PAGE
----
As a former NHL player and guest on Coach & # 39; s Corner Terry Ryan finds it difficult to reconcile the damaging comments of Don Cherry in public, with the man he knows as a mentor and hockey icon in private.
"I think it needs context. I don't agree with what he said," Ryan says.
"I do not agree with what he said, but he is not a monster."
Cherry came under fire for comments made during a Coach & # 39; s Corner segment on Hockey Night in Canada on November 9, which many considered critical for immigrants for not to have poppy reminder.
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While Cherry would later say he regrets his choice of words – with the phrase "you people" rather than saying "everyone" – Ryan wished Cherry had apologized sooner.
"Most of us are in the middle and we are injured," Ryan said.  "This is a legend. This is someone we love. Many of us grew up and took Don Cherry to his words and loved him. He is Canada. He is part of our Canadian being."
Ryan said that a memory that came to mind amid controversy was back in one of his first matches in Montreal for the Canadiens, when Cherry took him aside for a chat.
The dressing room "oddball" and jokester, Ryan said he was known for trying to make his teammates laugh in an attempt to unite them as a team.
Ryan remembers that Cherry told him to use these qualities for good.
"Don Cherry called me aside and said our game is undergoing a change … there are far more minorities in the game than there ever have been, there are a lot more Europeans than there have been, there are guys in your teams that don't know English that well, "Ryan said.
"He said you have to be there for them and hockey becomes more united as time goes on."
The cherry he met in that context, Ryan said, does not fit with the corrupted person he sees on social media.
"He has always been a sweet man to me."
"He sees things from another side of the fence a lot. The context of this is that he's a sweet guy, he's really nice to me and invited me into his home before, and I've never seen this monster that Many people think he is. "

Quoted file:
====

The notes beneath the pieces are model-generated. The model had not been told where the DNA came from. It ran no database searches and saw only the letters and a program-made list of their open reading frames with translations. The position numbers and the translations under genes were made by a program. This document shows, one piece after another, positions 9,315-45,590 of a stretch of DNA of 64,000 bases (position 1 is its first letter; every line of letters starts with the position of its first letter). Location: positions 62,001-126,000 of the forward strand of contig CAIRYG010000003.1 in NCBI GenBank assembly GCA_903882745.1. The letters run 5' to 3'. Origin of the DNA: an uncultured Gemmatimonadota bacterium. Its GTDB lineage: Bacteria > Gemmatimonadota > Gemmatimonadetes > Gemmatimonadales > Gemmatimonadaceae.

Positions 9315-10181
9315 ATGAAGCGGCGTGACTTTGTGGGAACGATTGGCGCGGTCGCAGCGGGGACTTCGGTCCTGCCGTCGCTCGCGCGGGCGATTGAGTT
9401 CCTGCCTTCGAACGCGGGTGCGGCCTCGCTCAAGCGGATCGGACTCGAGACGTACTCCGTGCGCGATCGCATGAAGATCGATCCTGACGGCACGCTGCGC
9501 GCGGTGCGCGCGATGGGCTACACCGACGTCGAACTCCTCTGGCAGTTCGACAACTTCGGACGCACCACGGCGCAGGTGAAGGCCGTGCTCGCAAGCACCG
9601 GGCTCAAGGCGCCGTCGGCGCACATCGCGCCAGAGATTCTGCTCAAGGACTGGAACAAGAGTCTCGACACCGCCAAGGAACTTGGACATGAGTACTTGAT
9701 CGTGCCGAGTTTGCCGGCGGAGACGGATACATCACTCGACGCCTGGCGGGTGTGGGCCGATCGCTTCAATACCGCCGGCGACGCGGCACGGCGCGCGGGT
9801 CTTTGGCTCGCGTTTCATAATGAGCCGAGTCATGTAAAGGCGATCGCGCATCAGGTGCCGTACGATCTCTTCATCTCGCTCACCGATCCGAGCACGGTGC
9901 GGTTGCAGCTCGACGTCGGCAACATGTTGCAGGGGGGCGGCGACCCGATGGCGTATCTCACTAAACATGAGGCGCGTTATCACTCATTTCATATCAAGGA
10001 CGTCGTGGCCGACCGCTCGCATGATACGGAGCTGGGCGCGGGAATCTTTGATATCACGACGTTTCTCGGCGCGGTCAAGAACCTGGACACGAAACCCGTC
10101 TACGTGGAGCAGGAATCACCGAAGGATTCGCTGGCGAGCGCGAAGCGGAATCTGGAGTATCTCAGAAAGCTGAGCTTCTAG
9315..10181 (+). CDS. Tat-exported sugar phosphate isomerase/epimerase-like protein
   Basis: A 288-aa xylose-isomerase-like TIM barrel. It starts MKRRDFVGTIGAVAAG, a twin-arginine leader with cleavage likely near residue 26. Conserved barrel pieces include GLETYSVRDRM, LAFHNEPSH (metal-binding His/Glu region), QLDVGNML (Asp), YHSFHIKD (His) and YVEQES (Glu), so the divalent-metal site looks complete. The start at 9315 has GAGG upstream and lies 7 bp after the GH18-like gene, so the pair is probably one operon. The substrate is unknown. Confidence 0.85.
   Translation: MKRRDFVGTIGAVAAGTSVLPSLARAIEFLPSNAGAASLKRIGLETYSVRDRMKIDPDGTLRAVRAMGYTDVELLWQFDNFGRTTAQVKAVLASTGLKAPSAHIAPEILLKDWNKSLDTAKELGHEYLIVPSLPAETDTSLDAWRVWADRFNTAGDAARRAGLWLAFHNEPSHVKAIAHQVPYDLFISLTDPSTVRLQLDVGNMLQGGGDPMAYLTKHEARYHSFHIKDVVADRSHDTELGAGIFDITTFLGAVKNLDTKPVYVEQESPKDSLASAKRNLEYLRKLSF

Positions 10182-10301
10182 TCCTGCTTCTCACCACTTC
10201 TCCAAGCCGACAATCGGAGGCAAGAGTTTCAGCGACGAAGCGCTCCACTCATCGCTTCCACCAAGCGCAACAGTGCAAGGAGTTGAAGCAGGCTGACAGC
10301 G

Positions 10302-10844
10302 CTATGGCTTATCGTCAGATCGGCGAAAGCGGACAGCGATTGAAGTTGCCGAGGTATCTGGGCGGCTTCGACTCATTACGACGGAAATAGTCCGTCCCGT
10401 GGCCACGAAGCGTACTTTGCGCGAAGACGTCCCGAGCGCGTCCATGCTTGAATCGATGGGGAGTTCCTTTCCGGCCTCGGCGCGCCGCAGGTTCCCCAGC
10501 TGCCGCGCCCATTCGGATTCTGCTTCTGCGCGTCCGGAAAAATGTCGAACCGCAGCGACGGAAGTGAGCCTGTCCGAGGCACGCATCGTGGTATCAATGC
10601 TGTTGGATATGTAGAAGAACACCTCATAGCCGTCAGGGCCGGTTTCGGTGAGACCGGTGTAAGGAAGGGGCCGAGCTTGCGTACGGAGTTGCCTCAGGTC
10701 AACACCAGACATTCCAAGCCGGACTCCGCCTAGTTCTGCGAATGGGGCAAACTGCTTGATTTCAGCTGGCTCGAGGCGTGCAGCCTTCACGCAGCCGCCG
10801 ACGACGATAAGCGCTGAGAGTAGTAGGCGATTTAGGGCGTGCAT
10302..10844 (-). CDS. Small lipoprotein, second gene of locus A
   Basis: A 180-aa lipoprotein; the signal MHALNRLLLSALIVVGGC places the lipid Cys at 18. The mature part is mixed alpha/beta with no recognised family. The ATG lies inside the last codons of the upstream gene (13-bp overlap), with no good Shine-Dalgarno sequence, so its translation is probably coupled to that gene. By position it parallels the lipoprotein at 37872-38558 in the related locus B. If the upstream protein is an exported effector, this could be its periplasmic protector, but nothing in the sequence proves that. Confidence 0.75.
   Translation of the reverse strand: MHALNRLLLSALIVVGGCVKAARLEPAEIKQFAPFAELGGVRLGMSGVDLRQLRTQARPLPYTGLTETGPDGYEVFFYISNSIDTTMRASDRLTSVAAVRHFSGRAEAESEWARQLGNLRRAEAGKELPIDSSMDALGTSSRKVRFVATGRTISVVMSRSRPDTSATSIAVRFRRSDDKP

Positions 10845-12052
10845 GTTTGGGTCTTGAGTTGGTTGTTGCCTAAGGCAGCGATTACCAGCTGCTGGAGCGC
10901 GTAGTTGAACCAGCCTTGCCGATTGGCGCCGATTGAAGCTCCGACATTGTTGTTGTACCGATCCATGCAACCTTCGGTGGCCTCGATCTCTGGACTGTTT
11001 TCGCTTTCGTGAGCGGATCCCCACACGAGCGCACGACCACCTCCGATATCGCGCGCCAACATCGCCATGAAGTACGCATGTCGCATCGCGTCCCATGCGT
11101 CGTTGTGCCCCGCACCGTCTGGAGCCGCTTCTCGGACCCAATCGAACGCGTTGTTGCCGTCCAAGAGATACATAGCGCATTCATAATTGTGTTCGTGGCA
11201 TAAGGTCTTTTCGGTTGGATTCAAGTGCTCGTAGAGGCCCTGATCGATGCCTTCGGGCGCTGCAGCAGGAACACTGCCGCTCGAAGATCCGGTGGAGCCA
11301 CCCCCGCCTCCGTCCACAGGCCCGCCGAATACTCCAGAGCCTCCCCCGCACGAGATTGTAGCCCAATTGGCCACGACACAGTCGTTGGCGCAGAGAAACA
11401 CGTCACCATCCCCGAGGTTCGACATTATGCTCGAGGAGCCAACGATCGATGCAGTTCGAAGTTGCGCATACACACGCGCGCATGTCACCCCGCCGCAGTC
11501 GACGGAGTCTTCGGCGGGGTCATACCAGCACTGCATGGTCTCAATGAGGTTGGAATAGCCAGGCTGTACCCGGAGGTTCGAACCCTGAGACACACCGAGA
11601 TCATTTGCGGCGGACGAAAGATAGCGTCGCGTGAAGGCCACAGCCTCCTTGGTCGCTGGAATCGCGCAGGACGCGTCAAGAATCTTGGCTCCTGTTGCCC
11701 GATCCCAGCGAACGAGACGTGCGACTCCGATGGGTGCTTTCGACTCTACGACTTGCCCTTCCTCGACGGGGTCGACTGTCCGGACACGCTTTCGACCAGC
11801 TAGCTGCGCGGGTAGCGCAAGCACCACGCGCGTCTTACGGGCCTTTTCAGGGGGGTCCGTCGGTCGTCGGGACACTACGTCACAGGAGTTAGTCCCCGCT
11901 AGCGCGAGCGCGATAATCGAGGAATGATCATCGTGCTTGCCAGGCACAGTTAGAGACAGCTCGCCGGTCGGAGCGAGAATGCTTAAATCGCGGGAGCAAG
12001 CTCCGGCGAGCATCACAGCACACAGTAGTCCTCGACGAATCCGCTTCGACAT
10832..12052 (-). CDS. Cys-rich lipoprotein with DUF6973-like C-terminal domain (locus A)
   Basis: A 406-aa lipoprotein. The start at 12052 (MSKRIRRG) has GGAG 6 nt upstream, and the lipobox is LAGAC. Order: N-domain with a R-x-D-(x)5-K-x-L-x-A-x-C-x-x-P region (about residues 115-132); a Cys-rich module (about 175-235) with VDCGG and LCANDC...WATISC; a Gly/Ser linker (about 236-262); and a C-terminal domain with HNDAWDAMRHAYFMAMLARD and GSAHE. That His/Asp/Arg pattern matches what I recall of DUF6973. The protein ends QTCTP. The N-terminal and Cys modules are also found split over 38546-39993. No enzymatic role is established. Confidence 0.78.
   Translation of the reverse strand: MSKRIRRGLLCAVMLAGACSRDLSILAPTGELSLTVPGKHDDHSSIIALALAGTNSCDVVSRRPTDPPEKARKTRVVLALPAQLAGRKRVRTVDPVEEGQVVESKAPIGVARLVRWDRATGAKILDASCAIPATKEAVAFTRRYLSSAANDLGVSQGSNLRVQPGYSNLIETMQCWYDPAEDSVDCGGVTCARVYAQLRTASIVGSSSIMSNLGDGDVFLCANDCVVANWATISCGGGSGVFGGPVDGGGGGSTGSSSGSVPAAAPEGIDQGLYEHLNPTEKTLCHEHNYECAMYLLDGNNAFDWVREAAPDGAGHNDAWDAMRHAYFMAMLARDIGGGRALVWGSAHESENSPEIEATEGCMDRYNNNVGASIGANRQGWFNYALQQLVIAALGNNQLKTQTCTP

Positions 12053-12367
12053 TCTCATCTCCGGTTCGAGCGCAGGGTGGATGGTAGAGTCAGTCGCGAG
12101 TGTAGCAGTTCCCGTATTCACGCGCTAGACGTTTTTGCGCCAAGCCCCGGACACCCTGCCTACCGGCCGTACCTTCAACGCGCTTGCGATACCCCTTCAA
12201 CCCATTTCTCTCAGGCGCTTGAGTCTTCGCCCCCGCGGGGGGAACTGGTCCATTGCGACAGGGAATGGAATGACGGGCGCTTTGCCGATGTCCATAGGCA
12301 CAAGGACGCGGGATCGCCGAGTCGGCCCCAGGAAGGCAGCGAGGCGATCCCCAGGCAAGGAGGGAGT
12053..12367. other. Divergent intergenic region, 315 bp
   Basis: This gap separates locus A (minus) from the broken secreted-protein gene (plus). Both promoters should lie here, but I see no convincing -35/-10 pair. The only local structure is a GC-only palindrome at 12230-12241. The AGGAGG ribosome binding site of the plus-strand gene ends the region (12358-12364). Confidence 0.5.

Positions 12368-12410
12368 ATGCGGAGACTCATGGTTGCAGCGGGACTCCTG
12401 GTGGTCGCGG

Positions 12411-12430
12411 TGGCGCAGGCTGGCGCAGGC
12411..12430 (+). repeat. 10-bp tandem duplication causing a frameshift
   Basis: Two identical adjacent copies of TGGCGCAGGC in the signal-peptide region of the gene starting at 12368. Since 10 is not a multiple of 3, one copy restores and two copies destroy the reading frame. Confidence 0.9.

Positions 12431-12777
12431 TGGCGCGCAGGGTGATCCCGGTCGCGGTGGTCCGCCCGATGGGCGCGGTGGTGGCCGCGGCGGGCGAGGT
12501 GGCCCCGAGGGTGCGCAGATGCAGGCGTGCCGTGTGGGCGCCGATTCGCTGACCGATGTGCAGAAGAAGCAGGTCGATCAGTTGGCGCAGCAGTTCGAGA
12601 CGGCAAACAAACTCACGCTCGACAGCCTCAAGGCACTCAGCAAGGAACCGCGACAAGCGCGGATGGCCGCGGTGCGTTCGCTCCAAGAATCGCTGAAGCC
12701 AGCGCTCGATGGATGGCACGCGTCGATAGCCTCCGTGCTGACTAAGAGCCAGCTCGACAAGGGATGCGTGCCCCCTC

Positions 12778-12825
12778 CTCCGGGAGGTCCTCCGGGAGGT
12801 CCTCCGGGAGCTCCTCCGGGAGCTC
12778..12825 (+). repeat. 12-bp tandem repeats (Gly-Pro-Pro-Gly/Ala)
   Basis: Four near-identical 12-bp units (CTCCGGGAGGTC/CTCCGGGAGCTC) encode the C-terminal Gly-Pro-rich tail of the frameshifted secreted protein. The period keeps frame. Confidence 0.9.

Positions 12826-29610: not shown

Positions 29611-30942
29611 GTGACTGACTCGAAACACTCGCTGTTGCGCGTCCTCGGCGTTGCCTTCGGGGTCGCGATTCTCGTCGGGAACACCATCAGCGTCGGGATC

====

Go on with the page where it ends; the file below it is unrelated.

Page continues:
" He has lived in a box & # 39;
In an interview with CBC's Here & Now Ryan emphasized that he in no way agrees with Cherry's comments, but he questions the severity of the setback and whether it is a useful strategy for a necessary conversation.
Ryan said that social media platforms like Twitter give anyone an opinion, especially on controversial topics such as the Cherry shooting, but the context is sometimes lost.
"That's right enough, but opinions, you would hope, would come from [those] educated in the profession," Ryan said.
"Don, he's 85 years old. For 20 or 30 years he has been cleared, he lived in a box. "
When Coach's Corner segment aired, Ryan said that his immediate question was why it passed muster in the first place.
"I've been to these studios, I've been to Hockey Night in Canada and the first thing that came into my head was that it is the only part I know the band is late – because the rest of it is a live game, "Ryan said.
" He said it – it came out of his mouth – but there are many things that people don't talking again as part of the healthy conversation. "
Ryan also comes in defense of a friend and Coach's Corner hosted Ron MacLean who has also caught fire online for not acting at the moment to shut down Cherry or disprove his comments
Ryan believes that MacLean went into that moment, the segment may have gotten worse.
"They went into a segment shortly after about the Grapes and the veterans and it was a very sentimental, very emotional piece, and Ron knew it," Ryan said.  "Ron has a thing in his ear and he tries to listen to what he has to do and he has 20 seconds, 15, 10, he can't really issue a rejection at that time, he can't really come up with anything that contradicts the very structure of what Don & # 39; s saying – and it would have a boon cleared something. … It may have worsened just before the next segment. "
Ryan said he hopes the conversation will continue in a constructive way, rather than in extreme online comments.
"I just think we need to have a healthy conversation," he said, adding that he himself will continue the conversation on his podcast, Third Man In .  Read more articles from CBC Newfoundland and Labrador